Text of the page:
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Pediatric Restrictive Cardiomyopathy Treatment & Management

  • Author: Kimberly Y Lin, MD; Chief Editor: P Syamasundar Rao, MD  more...
Updated: Dec 27, 2015

Approach Considerations

Therapy for idiopathic restrictive cardiomyopathy (RCM) is limited to symptomatic treatment and is often ineffective in improving outcome. Secondary arrhythmias, when they occur, may require pharmacologic and/or device-related therapies that generally require evaluation by an electrophysiologist. Surgical options in children with RCM are limited to heart transplantation. The results of heart transplantation are generally quite good but depend on the degree of pulmonary hypertension and resultant postoperative complications.[38]

A normal diet is recommended. The degree of hemodynamic abnormality and the risk of sudden death are significant, and patients should be restricted from competitive athletics, despite a paucity of data on the subject.[39]


Pharmacologic Therapy

Diuretics reduce pulmonary or systemic venous congestion; however, some patients may require high ventricular filling pressures to maintain cardiac output and may actually feel worse after diuresis.

Digoxin has not been shown to be beneficial with normal systolic function and should be used with caution.

Anticoagulation should be considered because of the significant risk of thromboembolic complications.[28, 40, 3] If chosen, anticoagulation agents should be carefully administered with close supervision of coagulation parameters. Some pediatric cardiologists prefer platelet-inhibiting doses of aspirin, because no extensive monitoring of coagulation parameters is necessary.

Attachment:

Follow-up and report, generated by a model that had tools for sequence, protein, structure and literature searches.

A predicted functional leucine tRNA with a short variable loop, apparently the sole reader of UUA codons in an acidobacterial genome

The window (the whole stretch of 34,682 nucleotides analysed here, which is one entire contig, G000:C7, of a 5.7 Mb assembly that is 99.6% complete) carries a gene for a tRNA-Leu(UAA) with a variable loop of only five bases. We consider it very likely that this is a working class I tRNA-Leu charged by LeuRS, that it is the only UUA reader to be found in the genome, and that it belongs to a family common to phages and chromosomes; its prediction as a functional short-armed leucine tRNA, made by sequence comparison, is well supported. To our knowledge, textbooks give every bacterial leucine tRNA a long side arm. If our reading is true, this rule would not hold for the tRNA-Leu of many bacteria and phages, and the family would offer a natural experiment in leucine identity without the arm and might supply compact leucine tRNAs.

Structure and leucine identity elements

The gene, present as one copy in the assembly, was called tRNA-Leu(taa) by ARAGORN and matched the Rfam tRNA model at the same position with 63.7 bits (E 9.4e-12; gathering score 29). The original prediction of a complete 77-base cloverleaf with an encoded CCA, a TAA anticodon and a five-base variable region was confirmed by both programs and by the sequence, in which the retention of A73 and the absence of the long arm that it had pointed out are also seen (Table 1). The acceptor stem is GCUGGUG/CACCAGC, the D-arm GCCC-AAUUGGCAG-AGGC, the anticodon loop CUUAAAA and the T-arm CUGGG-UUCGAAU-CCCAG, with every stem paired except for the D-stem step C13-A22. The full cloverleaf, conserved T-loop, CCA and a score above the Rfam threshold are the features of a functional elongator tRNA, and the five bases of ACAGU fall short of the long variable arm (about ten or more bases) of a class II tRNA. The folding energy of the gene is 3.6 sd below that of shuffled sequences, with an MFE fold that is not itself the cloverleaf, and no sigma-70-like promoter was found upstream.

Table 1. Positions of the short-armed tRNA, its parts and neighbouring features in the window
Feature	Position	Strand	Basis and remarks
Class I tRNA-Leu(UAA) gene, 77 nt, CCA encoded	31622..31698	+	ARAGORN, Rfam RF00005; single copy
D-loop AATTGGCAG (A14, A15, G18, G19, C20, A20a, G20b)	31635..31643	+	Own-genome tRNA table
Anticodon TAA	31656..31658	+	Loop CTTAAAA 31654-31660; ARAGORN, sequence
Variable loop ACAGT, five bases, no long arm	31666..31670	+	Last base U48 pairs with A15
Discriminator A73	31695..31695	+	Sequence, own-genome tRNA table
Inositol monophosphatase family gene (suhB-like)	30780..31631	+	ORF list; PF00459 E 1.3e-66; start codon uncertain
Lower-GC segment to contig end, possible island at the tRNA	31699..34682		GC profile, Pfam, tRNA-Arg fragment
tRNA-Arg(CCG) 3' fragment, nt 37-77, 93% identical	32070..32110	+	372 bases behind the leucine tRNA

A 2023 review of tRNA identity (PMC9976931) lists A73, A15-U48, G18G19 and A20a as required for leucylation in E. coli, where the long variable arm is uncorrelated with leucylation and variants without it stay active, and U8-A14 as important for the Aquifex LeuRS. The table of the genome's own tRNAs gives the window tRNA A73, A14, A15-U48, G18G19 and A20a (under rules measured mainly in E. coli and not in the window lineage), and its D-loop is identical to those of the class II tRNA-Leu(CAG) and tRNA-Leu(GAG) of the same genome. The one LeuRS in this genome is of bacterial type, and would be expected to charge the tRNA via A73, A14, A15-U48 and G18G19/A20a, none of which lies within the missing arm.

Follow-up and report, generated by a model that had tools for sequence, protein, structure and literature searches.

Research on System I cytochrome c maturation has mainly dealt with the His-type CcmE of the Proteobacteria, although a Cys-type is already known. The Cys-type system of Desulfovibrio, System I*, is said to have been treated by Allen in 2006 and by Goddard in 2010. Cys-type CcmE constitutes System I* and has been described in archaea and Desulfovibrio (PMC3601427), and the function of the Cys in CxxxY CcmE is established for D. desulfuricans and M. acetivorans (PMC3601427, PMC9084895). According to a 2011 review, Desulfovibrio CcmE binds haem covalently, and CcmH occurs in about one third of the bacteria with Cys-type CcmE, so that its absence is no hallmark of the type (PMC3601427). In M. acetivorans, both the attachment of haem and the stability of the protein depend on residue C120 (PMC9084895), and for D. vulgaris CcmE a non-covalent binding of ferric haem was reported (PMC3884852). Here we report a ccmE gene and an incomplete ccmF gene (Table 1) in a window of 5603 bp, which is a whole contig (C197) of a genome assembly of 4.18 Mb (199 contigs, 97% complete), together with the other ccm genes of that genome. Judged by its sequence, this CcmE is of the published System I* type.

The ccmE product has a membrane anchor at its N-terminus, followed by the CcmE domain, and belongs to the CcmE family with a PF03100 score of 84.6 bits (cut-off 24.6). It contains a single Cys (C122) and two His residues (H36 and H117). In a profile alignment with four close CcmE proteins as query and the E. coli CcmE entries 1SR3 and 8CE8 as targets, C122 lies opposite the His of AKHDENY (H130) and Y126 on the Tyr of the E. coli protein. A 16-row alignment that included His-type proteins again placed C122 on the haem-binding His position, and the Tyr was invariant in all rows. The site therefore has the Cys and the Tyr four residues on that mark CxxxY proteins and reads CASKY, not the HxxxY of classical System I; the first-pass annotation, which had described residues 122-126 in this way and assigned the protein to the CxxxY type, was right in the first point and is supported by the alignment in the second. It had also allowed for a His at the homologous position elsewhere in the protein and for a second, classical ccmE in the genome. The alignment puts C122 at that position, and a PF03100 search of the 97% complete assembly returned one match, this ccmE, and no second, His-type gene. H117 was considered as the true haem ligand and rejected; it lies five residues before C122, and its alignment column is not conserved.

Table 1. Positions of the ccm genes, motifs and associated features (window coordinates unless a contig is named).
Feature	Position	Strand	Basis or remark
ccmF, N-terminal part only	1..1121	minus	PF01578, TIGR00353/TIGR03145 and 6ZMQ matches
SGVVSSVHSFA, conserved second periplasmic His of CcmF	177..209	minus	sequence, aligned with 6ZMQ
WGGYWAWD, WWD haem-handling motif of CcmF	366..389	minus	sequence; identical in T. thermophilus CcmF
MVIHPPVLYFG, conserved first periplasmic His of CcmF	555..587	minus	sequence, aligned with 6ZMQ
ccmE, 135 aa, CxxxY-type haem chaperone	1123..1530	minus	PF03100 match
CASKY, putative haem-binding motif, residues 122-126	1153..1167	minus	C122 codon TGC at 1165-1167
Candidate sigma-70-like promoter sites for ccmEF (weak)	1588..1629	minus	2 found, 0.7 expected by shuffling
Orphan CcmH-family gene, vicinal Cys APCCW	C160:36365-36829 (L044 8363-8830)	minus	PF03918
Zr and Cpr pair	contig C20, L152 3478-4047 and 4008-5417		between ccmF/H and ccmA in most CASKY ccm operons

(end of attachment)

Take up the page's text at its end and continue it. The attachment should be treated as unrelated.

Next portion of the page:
Previous pediatric studies have suggested that angiotensin-converting enzyme inhibitors (ACEIs) may acutely reduce systemic blood pressure without increasing cardiac output; therefore, they should probably be avoided.[41] Oral vasopressin–receptor antagonists may be helpful in selected cases.[42]

Experimental studies in mice suggest that catechin (epigallocatechin-3-gallate) may reverse diastolic dysfunction associated with restrictive cardiomyopathy,[43] which may hold promise for future. Clinical studies to test this hypothesis are warranted.


Cardiac Transplantation

Children with RCM should be considered early for heart transplantation, particularly if they are symptomatic or have evidence of pulmonary hypertension. Children with RCM are at higher risk for the development of pulmonary hypertension than children with dilated or hypertrophic cardiomyopathy and therefore need to be closely monitored for progression of pulmonary hypertension.[44]

Among the greatest challenges in the management of pediatric RCM are risk stratification and the decision regarding when to list a patient for heart transplantation. Some advocate immediate transplant evaluation and listing upon diagnosis of RCM.[45] However, patients with normal or only mildly elevated pulmonary vascular resistance may remain stable for years and may not require urgent listing for heart transplantation.

In one series, longer survival from diagnosis was correlated with lower left atrial–to–aortic root ratios by echocardiography and lower cardiac filling pressures by cardiac catheterization.[22]